Studies show that taking magnesium can lower blood pressureIn one study, people who took 450 mg per day experienced a significant decrease in systolic and diastolic blood pressure
However, these benefits may only occur in people who have high blood pressure.
Another study found that magnesium lowered blood pressure in people with high blood pressure but had no effect on those with normal levels
6. Magnesium Can Help Prevent Migraines
Migraine headaches are painful and debilitating. Nausea, vomiting and sensitivity to light and noise often occur.
Some researchers believe that people who suffer from migraines are more likely than others to be magnesium deficient
In fact, a few encouraging studies suggest that magnesium can prevent and even help treat migraines In one study, supplementing with 1 gram of magnesium provided relief from an acute migraine attack more quickly and effectively than a common medication
7. It Has Anti-Inflammatory Benefits
Low magnesium intake is linked to chronic inflammation, which is one of the drivers of aging, obesity and chronic disease
In one study, children with the lowest blood magnesium levels were found to have the highest levels of the inflammatory marker CRP.
They also had higher blood sugar, insulin and triglyceride levels
Magnesium supplements can reduce CRP and other markers of inflammation in older adults, overweight people and those with prediabetes .In the same way, high-magnesium foods — such as fatty fish and dark chocolate — can reduce inflammation.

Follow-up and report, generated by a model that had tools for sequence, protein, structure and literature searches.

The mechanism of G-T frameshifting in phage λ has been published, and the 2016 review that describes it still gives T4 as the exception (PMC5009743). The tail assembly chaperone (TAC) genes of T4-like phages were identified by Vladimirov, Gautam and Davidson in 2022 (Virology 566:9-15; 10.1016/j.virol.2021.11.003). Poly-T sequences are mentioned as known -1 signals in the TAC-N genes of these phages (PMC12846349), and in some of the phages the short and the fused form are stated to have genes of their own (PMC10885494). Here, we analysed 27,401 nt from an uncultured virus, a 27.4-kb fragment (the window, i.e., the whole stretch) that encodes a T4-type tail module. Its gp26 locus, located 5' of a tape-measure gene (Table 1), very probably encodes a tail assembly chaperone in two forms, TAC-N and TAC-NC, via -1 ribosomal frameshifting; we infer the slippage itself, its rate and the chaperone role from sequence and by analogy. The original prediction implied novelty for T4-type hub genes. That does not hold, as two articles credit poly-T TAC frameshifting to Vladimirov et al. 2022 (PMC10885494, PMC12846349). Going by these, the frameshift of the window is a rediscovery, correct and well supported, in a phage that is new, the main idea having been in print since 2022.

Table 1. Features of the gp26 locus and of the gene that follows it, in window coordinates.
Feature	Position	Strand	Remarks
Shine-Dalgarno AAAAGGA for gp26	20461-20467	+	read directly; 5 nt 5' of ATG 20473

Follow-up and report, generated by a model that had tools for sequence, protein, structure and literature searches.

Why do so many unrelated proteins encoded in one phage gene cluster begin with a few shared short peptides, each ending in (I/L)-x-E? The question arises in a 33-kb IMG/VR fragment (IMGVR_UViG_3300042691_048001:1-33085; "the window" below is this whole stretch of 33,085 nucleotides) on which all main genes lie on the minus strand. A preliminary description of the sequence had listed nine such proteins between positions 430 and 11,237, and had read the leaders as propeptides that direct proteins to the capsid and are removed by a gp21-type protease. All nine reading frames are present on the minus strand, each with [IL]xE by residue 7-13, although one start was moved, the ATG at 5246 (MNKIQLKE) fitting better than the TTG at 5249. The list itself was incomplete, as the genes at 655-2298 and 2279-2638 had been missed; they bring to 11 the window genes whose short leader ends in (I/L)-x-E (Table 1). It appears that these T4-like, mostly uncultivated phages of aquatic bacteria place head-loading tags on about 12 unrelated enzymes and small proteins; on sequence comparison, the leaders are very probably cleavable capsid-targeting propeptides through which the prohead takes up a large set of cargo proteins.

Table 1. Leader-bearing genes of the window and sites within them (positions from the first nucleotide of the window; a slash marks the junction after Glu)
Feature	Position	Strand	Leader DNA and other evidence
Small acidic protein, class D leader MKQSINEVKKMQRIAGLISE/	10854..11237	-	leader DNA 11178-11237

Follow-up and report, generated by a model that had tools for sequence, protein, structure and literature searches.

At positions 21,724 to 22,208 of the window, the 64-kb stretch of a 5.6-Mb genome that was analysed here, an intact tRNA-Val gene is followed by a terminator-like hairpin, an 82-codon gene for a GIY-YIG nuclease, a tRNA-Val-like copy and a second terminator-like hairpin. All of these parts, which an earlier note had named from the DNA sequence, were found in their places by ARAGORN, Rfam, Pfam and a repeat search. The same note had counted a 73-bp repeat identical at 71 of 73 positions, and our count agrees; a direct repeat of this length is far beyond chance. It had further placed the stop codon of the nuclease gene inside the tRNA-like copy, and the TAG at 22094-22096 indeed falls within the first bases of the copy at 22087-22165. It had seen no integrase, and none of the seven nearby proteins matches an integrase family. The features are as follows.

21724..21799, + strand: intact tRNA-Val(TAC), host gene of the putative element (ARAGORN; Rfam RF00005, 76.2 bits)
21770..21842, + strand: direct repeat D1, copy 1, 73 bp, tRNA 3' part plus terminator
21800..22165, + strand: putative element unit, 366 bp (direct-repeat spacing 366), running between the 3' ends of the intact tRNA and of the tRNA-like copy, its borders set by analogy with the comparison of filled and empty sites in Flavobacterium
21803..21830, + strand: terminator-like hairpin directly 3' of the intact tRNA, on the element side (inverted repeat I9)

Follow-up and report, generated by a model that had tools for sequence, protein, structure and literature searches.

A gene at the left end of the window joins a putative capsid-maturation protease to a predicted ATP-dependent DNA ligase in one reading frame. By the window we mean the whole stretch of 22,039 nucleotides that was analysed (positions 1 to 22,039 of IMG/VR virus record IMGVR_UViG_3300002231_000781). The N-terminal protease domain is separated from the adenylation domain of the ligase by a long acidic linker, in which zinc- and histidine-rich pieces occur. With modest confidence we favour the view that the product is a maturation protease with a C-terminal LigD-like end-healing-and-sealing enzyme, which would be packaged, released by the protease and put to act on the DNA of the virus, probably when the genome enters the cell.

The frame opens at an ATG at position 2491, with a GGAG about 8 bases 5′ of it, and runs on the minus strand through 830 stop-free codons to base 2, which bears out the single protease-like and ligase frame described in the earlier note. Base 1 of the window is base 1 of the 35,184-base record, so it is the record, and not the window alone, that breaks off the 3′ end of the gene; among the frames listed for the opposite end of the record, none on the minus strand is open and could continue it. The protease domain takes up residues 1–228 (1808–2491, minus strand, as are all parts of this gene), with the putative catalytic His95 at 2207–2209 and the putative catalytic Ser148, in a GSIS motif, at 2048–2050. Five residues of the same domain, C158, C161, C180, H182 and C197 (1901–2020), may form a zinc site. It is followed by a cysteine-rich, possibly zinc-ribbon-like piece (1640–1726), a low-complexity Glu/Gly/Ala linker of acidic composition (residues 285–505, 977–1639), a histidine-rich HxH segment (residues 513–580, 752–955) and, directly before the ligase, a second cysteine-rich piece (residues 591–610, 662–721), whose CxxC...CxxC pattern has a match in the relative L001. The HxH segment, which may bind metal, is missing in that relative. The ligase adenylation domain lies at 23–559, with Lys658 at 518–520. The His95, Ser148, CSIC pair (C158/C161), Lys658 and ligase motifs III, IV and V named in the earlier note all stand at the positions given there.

8. Magnesium Improves PMS Symptoms
Premenstrual syndrome (PMS) is one of the most common disorders among women of childbearing age.
Its symptoms include water retention, abdominal cramps, tiredness and irritability.
Interestingly, magnesium has been shown to improve mood, reduce water retention and other symptoms in women with PMS
9. It Reduces Insulin Resistance
Insulin resistance is one of the leading causes of metabolic syndrome and type 2 diabetes.
It's characterised by an impaired ability of muscle and liver cells to properly absorb sugar from your bloodstream.
Magnesium plays a crucial role in this process, and many people with metabolic syndrome are deficient
10. Magnesium Is Safe and Widely Available
Magnesium is absolutely essential for good health. The recommended daily intake is 400–420 mg per day for men and 310–320 mg per day for women
You can get it from both food and supplements.
The following foods are good to excellent sources of magnesium
Pumpkin seeds: 46% of the RDI in a quarter cup (16 grams)
Spinach, boiled: 39% of the RDI in a cup (180 grams)
Swiss chard, boiled: 38% of the RDI in a cup (175 grams)
Dark chocolate (70–85% cocoa): 33% of the RDI in 3.5 ounces (100 grams)
Black beans: 30% of the RDI in a cup (172 grams)
Quinoa, cooked: 33% of the RDI the in a cup (185 grams)
Halibut: 27% of the RDI in 3.5 ounces (100 grams)
Almonds: 25% of the RDI in a quarter cup (24 grams)
Cashews: 25% of the RDI in a quarter cup (30 grams)
Mackerel: 19% of the RDI in 3.5 ounces (100 grams)
Avocado: 15% of the RDI in one medium avocado (200 grams)
Salmon: 9% of the RDI in 3.5 ounces (100 grams)